What I haven't heard from Senator Lieberman yet -- and maybe this is under negotiation -- is some kind of public apology or recantation. A press conference in which he says, John McCain is a very good friend of his, during the heat of the campaign he may have said a few things that were upon reflection intemperate and wrong, he sincerely apologizes to his Democratic colleagues if he offended any of them, that wasn't his intent. That he has complete confidence in President-elect Obama's commitment and ability to keep the country safe, will fully support his efforts to resolve the economic crisis, looks forward to working with him, etc., etc.

I imagine that would mollify a lot of his angry colleagues. That he hasn't done it yet is a bad sign in my view.

Posted by: larry birnbaum on November 12, 2008 at 9:29 AM | PERMALINK

Make Lieberman's "re-entry" to the Democratic fold (whether as chair of new committee or old) contingent on his willingness to spend several weeks in Georgia on behalf of Martin for Senator. This would force him to campaign against McCain and to publicly recant his recent nonsense.

Posted by: Rdupont on November 12, 2008 at 9:32 AM | PERMALINK

If ever there were a modern day Brutus, Joe the problem senator fits the bill greatly! -Kevo

Posted by: kevo on November 12, 2008 at 9:33 AM | PERMALINK

The campaigns seem to have the ability to review an opponents record and voting history. Like "John McCain voted with Bush 90% of the time".

One wonders if those numbers for Senator Lieberman will be put out in the media before the Senate vote. Something like: "Senator Lieberman voted with Bush 98% of the time on military and domestic security issues".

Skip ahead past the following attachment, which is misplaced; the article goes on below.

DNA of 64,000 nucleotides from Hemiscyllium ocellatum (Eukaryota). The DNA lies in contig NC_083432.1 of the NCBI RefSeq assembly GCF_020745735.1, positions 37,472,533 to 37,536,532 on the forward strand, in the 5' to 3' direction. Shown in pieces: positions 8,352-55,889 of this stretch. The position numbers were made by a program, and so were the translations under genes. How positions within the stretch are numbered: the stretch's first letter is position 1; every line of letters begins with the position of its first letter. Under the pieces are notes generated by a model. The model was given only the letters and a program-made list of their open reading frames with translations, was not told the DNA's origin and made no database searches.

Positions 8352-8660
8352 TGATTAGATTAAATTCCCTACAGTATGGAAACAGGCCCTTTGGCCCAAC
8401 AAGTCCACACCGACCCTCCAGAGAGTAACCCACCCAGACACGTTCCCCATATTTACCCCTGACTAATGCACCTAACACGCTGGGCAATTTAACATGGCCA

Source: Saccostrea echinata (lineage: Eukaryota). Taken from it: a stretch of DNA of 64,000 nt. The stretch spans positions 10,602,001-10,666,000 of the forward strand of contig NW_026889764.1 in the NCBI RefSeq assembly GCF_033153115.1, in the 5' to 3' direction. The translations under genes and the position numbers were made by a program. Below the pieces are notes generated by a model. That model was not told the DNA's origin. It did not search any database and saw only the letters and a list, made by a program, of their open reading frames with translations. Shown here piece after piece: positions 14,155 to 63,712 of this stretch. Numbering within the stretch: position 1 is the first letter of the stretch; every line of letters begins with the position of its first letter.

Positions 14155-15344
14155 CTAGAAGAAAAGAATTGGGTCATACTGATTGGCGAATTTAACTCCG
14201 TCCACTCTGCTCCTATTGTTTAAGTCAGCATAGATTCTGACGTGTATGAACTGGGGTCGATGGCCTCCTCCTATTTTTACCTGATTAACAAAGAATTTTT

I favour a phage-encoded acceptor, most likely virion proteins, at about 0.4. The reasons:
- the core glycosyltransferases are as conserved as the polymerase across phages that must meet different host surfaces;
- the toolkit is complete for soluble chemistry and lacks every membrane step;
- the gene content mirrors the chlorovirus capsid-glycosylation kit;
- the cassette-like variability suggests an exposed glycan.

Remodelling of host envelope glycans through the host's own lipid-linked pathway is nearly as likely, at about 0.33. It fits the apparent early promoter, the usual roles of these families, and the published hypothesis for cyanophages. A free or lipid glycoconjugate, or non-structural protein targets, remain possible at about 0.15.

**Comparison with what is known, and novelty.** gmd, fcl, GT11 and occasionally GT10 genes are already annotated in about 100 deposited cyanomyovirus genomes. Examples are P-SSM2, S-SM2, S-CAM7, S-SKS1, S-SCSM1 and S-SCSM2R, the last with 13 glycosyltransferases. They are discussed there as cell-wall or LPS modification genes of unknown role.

Posted by: Wapiti on November 12, 2008 at 9:35 AM | PERMALINK

If it was as simple as a mere endorsement, or a mere support for Bush's war in Iraq, it would be one thing. But those aren't the issues. It was the fact that Lieberman actively campaigned for McCain. It was Lieberman's eagerness to answer every call from GOPNews to undermine his own party. It's not his ideologies that make him unacceptable, it's his actions. There's room for all points of view within the party. There should be no room for saboteurs.

Posted by: JoeW on November 12, 2008 at 9:36 AM | PERMALINK

holy joe ain't going anywhere until aipac signs off. (and i suspect the silence from dems is to keep this conversation low profile, that assures the public will be wholely disengaged and unaware of his treachery.) he especially isn't gonna give up that very prominent chair of the dhs.

their priority is protecting their own kind. they could give a shit about the public.

Posted by: linda on November 12, 2008 at 9:42 AM | PERMALINK

Lieberman aggravated me nearly as much as anyone during the campaign. Only Guiliani and Nicole Wallace probably bothered me more to listen to. However, it doesn't surprise me that Obama is letting him slide on this. Obama wants to end the current era of partisan trench wars and get back to getting things done. Letting Joe stand by his own opinions without punishment is a step in that direction. With my personal feelings aside, I am in favor of this "special treatment"